Cross posted from UN Women.
Saba Ismail started working on peacebuilding in Pakistan when she was 15 years old. The perceptions about young people is a major barrier to their engagement in peacebuilding, she says, as their work is not taken seriously. The heightened insecurity makes it even harder for young women. Still, she hopes to see diversities celebrated and everyone contributing to peace.
I come from Peshawar, a province in the north-west Pakistan, where extremist and radical groups are very active. I went to a private school, but still, often religious intolerance was part of the narrative there. We were taught that it was a sin to eat from the same dish or even shake hands with non-Muslims.
I would have grown up believing in that narrative, that jihad is about justice, if not for my father. He always taught us to celebrate diversity. He started taking me and my sister to progressive meetings when we were teenagers.
In one such meeting, I heard the testimony of a mother who had received the dead body of her missing 13-year-old son. He had been taken away to join the jihadis, without her consent. That day, the truth sunk in—this is not a fight for justice!
My sister and I started Aware Girls when we were 15 and 16 years old, so that young people could be engaged in a different narrative of peace and coexistence. We established the Youth Peace Network and using a peer education model, taught young people peacebuilding and conflict resolution skills. We also worked with young people who were at risk of being recruited by extremist groups.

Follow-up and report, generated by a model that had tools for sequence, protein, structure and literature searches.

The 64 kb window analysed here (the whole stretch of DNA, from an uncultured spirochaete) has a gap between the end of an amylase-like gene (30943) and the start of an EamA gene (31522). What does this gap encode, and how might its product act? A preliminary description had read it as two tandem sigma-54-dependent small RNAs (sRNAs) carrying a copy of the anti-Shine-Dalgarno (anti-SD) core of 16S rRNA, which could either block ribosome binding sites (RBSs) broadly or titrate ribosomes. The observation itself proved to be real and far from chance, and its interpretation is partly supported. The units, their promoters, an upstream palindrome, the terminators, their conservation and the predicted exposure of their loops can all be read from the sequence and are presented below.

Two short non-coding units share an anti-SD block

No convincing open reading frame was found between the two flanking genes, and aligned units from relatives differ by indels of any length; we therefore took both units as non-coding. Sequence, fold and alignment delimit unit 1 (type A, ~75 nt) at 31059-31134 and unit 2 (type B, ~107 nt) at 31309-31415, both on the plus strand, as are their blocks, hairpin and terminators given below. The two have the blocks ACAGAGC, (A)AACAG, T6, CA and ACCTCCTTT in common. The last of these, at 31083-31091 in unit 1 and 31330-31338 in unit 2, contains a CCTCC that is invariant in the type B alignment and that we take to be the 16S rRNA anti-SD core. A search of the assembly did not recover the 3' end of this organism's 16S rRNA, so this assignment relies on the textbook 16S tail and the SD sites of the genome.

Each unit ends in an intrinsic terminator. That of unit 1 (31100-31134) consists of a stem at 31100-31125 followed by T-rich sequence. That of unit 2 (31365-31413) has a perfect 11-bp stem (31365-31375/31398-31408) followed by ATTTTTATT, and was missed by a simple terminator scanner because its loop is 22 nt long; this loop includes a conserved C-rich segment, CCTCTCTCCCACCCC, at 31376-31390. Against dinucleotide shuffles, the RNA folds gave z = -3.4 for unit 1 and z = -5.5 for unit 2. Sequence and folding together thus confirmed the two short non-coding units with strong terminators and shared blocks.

The hardest thing for me is the continuous threats and lack of security that I face, and which extends to my family. We encountered so many threats, because we worked on peacebuilding… The whole family had to move from Peshawar to Islamabad. Now I live in New York, but the threats continue.
The space for young women to work on peacebuilding is shrinking as we speak. They are not part of any peace negotiations. Women administering polio vaccinations have been attacked and killed by militant groups. Imagine that!
Peace is not an overnight miracle. Everyone needs to contribute to build peace. For me, peace means people feel safe in their homes, on the streets, in the markets, in their mosques and their temples. It means celebration of all our diversities.”
Saba Ismail, 29 years old, is the co-founder of Aware Girls, a youth and women-led organization, working to empower young women and promote gender equality and peacebuilding in Pakistan. To date, the network has engaged some 600 young people in north-west Pakistan and is now active across the border, in Afghanistan. As a member of the Advisory Group for the Youth, Peace and Security Progress Study of the UN Secretary-General, which examines the contribution of youth to peace processes and conflict resolution, Ms. Ismail participated in a side event organized by UN Women at the Youth CSW in March 2017. Her story demonstrates the critical need to engage youth and young women in achievingSustainable Development Goal 16, which aims to build peaceful and inclusive societies.
Read more stories in the “From where I stand...” editorial series.